Duncan Welbourne who died on Monday at the age of 78, was unquestionably a top Watford legend but, if he had his way, he would have become a Vicarage Road fixture.

Such was his all-consuming love for the club, he would have “shaken their hands off” if, after they gave him a free transfer, Watford had offered him a job as groundsman Les Simmons’ assistant.

He gave everything to the Watford cause as a wing half and full-back; a true 100 per cent, all-action, committed player – the only one in the club’s history to make more than 400 league starts for the club.

His records include the longest unbroken sequence in the club’s history - 280 successive league games, which was a remarkable achievement considering his fiercely committed, tough-tackling style: “It’s the only way I know how to play,” he argued.

An ever-present in the Third Division championship side of 1968-69, similarly in the club’s first-ever run to the FA Cup Semi-Finals the following season; he overtook Tommy Barnett’s 35-year-old appearance record and now lies equal second with Nigel Gibbs behind Luther Blissett as the Hornets’ most selected player in league football.

But statistics infer, they cannot relate the colour and character of Duncan’s Watford contributions from the day he signed in November 1963 to being “pushed out” by former manager, the late Mike Keen,in May 1974.

Even in his latter years, living in Hesketh Bank, Lancashire, he would put on his Watford shirt and watch the Hornets on television. His love for Watford ran that deep.

It could be argued that Duncan was so grateful to be brought to Vicarage Road, he demonstrated that gratitude in energy, blood and sweat and the occasional tear of disappointment.

His gratitude stemmed in part from the fact he was toiling in Grimsby Town Reserves when Watford boss Bill McGarry paid £1,300 to make him part of Watford’s strongest push for promotion to Division Two up to that date.

That promotion bid only just failed, despite the club garnering a record number of points, but perhaps the pointer to failure was the fact Duncan missed the last seven games through injury.

There was another reason Duncan was grateful to Watford and McGarry. They did not inquire too closely as to the player’s medical record. Two years earlier he had been told by a specialist: “Of course you will never play football again.”

Duncan had felt particularly tired after games and one night, he found himself coughing up blood. Rushed to hospital he was diagnosed the TB. “The guy in the next bed died of it and I was moved to his bed, as if I was next,” he recalled.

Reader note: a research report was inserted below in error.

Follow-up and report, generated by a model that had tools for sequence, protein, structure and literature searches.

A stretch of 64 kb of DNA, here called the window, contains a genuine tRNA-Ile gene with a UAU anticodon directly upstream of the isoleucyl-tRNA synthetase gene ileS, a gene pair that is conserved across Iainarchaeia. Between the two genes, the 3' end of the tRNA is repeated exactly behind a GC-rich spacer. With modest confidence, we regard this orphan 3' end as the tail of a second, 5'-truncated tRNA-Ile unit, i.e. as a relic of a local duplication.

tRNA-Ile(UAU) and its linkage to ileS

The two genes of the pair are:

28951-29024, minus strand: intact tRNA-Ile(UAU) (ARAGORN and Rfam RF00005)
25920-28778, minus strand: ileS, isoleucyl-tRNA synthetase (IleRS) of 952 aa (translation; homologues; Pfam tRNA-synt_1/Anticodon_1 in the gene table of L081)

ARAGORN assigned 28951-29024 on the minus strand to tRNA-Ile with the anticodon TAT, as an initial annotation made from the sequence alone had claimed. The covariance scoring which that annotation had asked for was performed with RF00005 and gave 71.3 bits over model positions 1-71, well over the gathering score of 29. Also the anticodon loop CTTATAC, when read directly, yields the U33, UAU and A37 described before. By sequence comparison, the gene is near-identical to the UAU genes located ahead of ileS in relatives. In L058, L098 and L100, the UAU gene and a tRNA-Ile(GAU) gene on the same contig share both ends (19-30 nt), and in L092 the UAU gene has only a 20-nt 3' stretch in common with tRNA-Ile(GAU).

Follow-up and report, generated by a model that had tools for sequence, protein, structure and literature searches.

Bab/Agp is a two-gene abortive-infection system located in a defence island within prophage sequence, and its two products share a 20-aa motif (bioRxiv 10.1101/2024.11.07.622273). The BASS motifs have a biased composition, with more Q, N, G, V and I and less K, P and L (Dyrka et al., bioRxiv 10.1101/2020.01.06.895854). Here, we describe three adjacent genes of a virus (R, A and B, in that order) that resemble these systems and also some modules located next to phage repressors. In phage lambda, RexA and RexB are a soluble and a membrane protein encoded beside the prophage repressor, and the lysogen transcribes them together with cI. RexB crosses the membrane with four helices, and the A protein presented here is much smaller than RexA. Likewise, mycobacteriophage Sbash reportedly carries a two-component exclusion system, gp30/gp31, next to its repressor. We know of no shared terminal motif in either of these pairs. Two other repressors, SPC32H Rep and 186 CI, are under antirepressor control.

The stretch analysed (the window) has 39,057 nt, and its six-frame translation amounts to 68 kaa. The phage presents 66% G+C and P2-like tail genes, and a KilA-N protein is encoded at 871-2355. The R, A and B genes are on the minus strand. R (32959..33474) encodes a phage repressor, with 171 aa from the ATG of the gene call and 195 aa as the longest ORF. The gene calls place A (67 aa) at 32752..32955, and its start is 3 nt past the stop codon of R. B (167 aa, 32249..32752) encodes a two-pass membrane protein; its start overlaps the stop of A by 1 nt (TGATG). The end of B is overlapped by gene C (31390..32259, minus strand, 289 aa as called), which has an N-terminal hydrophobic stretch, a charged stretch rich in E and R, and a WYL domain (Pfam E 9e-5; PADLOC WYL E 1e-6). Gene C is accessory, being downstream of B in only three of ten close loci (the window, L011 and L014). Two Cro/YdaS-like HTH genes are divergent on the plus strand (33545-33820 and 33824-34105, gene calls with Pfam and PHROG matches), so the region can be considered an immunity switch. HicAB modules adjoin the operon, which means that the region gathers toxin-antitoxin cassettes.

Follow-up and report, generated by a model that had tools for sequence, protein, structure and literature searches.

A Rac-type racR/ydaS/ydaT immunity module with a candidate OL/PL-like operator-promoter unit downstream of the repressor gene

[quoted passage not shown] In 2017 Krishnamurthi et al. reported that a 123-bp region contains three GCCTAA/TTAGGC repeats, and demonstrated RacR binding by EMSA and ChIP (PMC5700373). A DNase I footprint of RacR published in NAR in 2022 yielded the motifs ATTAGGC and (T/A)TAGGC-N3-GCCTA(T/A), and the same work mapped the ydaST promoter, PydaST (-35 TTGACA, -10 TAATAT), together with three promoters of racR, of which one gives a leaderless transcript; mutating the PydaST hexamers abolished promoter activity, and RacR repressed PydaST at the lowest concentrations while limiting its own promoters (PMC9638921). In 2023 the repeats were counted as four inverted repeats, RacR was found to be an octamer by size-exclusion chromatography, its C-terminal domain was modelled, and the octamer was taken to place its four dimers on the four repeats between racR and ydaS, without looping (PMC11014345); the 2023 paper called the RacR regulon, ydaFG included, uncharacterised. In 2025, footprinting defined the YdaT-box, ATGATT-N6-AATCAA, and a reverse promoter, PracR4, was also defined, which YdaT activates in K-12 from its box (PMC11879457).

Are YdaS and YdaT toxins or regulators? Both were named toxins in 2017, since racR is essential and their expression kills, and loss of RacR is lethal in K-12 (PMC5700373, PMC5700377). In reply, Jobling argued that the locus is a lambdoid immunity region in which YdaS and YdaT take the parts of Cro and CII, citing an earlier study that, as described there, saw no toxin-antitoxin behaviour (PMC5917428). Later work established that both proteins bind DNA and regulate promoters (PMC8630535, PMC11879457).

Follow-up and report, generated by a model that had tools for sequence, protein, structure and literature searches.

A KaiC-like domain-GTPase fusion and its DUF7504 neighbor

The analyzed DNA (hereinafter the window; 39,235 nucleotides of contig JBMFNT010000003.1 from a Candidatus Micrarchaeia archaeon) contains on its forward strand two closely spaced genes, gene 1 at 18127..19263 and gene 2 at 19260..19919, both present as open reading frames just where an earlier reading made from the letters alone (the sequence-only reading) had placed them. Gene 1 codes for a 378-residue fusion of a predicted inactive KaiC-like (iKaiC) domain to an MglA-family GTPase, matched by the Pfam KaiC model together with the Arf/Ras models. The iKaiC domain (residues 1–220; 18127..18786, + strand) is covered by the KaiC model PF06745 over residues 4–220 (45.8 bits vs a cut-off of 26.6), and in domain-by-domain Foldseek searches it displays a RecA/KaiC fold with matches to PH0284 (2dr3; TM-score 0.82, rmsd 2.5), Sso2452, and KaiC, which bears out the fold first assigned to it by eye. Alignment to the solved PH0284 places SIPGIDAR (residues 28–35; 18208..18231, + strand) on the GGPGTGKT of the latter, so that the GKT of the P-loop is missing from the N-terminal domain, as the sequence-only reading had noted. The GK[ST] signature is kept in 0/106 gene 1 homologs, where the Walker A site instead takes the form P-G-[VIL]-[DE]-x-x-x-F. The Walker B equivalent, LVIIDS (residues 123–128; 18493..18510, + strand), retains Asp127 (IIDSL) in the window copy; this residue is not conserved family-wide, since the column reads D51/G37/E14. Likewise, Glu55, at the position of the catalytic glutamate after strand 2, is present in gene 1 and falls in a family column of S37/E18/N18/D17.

Faced with a “life sentence” he decided: “This is when you start to dig in.”

Discharged from hospital, he reported back to Grimsby, overweight and having lost all his muscle tone. He gave it his all, as usual, and never looked back. “I never had any trouble after that and it was not until former Grimsby player, Graham Taylor, mentioned it to me at the Centenary Dinner, the subject was never raised.”

He took to Watford from the outset. The day he signed he popped into the Watford Odeon cinema and was there when the theatre manager interrupted the programme to announce President Kennedy’s assassination.

He won a Division Three championship medal; a fourth-place FA Cup medal but his most treasured possession was a testimonial present of a gold disc awarded for the song Goodbye Yellow Brick Road, presented by then director Elton John with the inscription: “To Duncan: something to keep you close to Watford and myself.”

What memories: you could see Duncan lose it on the field. Angered by a tackle or ‘verbals’ from an opponent, you would see his hands would come up but manager Ken Furphy asked him in future, instead of just raising his hands, “please hit the opponent”.

Duncan was shocked but Furphy explained: “That way you will get sent off and I won’t have to pick you for a month. The penny dropped and he became a better player for it.”

Successfully converted to right-back he became minder for the mercurial Stewart Scullion, his favourite player. “I didn’t overlap him because he tended to overlap himself but if the full-back was giving him crude stick, I told Scully to let the full-back push the ball beyond him and then I would sort the player out.”

Even in the pitifully poor season of 1971-72, when Watford plummeted out of the second tier, manager George Kirby contended he could have done with 11 Duncans for he was the only outfield player in his squad who could hold his head up.

“They said the heads went down that season but I won’t bow my head to anyone,” he said and he carried that attitude into his later life.

After working for Southport as player-coach, caretaker manager, secretary, trainer and commercial manager, he took the extremely dangerous work of digging six-foot, half-a-mile tunnels by hand 200 yards down below the Albert Dock.

Part of a four-man shift, working without machines for they would only cause a cave in, he was well paid for a life-threatening situation. His three co-workers tried to break him and spent three weeks in the attempt.

Like many others, they found they had to reassess Duncan. He was made of sterner stuff.